"Angels can fly because they take themselves lightly." – G. K. Chesterton

I’ve been woefully slack in documenting the books I’ve read over the past couple months.  I most recently finished Four Witnesses: The Early Church in Her Own Words, by Rod Bennett.

Bennett begins with a common sense point.  These days everyone from the Seventh-Day Adventists to the Later-Day Saints to the Calvinists to the Jehavah’s Witnesses claims that their doctrine is a restoration of what the early Church actually taught and practiced, because the early Church had received it directly from Christ and the Apostles.  Obviously not everyone who makes this claim can be right.  So if we want to know who’s right, and what the earliest Christians actually believed, we ought to read what they actually wrote.  Hence Bennett presents summaries of the life and writings of four witness from the first 150 years after Christ: Clement of Rome, Ignatius of Antioch, Justin the Martyr, and Irenaeus of Lyon.

Personally I knew fairly little about early church history and the church fathers before reading this book.  I’ve read the excellent two-volume The Story of Christianity by Dr. Justo Gonzalez, but with two thousand years of history to cover, it’s necessarily not that detailed.  I’ve seen various early texts mentioned here and there, but I’ve only actually read a couple of the shorter ones.

Bennett’s book is a worthy introduction to the four individuals he presents.  It gives a good summary of the struggles that confronted Christians during the first two centuries.  On the one hand, they faced violent persecution from the Roman authorities.  Traditional stories of Christian martyrs being fed to the lions in the Colisseum or burned alive are not myth but historical fact, backed up by copious evidence.  On the other hand, the Church was also challenged by false prophets and heretical teachers: the Gnositcs, Docetists, and others.  Against this backdrop, the four witnesses wrote and testified about the doctrine they had received from the Apostles–person-to-person, in some cases, and at least with minimal transmissions in other cases.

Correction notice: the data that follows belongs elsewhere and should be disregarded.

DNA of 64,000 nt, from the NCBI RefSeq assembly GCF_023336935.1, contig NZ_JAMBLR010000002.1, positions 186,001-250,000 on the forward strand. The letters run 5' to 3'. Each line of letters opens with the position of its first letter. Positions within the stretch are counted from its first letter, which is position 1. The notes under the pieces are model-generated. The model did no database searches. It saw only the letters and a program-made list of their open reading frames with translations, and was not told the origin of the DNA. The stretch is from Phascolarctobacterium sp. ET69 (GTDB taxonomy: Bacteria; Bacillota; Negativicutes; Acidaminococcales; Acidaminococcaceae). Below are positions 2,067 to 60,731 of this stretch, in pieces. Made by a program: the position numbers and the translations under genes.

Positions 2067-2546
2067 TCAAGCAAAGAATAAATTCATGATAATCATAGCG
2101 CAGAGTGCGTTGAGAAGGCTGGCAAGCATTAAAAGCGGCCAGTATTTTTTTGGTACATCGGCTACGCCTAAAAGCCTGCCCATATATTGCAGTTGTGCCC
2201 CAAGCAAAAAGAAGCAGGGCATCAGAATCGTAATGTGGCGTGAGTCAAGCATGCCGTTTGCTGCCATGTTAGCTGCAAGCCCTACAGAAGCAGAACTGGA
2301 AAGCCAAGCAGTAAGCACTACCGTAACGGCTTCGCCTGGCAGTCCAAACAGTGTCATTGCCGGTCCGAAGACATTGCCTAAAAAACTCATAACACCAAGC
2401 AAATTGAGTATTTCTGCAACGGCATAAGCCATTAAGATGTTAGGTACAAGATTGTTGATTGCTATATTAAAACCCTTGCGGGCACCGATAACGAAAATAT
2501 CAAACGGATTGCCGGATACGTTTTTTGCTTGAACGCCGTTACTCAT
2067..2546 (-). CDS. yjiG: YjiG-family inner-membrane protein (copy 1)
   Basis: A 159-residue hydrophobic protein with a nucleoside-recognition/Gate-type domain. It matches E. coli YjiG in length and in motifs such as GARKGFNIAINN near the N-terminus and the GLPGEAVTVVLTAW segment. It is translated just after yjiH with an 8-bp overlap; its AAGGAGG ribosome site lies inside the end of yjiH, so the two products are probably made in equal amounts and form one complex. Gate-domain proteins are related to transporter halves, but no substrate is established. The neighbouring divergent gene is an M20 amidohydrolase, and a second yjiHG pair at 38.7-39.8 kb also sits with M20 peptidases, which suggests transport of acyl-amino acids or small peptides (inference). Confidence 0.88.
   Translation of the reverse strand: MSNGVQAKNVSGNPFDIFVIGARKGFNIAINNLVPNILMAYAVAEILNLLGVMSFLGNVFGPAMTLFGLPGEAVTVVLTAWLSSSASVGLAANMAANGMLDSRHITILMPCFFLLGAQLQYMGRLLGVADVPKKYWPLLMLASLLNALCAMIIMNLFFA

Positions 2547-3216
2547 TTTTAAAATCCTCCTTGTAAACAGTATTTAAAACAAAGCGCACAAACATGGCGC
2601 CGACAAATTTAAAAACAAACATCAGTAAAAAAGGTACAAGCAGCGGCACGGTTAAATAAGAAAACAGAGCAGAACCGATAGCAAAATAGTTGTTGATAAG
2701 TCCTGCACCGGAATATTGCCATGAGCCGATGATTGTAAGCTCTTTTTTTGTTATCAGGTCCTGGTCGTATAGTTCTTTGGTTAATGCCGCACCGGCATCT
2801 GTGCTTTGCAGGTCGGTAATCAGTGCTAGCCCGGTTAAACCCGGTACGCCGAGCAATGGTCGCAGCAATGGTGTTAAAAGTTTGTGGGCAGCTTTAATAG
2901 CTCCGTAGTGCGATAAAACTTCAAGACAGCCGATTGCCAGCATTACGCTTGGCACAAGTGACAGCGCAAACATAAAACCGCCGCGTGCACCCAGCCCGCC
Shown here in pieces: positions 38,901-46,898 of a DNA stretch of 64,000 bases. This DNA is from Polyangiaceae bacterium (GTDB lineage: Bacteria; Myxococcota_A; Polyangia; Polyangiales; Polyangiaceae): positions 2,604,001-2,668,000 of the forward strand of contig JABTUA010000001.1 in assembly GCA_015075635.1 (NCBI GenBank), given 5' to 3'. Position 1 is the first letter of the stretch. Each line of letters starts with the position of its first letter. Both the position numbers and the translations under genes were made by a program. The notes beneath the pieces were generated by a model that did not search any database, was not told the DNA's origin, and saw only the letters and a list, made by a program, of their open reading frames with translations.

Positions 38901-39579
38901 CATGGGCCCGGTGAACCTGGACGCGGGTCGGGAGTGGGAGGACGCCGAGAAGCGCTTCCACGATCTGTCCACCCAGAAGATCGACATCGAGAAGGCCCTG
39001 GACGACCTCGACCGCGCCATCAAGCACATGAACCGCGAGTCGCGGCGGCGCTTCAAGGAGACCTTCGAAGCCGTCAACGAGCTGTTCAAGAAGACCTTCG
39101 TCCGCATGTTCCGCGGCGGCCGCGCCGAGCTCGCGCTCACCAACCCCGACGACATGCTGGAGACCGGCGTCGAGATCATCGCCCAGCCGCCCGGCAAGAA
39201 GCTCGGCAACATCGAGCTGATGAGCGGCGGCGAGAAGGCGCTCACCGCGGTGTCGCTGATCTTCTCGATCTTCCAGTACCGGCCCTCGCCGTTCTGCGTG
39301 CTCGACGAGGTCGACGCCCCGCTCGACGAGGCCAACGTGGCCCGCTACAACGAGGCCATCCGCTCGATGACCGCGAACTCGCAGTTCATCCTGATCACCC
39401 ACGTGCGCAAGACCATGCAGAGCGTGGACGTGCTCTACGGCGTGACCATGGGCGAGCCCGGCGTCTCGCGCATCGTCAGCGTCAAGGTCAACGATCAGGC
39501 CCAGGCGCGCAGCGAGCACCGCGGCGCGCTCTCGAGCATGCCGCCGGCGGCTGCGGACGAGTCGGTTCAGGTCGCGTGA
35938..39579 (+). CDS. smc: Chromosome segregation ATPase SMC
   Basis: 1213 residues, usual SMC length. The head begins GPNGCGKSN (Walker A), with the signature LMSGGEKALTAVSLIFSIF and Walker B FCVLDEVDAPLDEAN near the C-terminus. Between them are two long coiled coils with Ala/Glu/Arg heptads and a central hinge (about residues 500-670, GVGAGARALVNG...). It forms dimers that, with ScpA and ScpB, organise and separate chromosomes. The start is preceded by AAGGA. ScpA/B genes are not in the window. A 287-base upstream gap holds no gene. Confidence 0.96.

Bennett does write from a Catholic perspective, and he includes an afterward explaining how the testimony of these witnesses and others helped push him towards Rome.  His personal belief in the Catholic Church is not intrusive, however, and should not stop Protestants and others from appreciating a good work from a strong amateur scholar.


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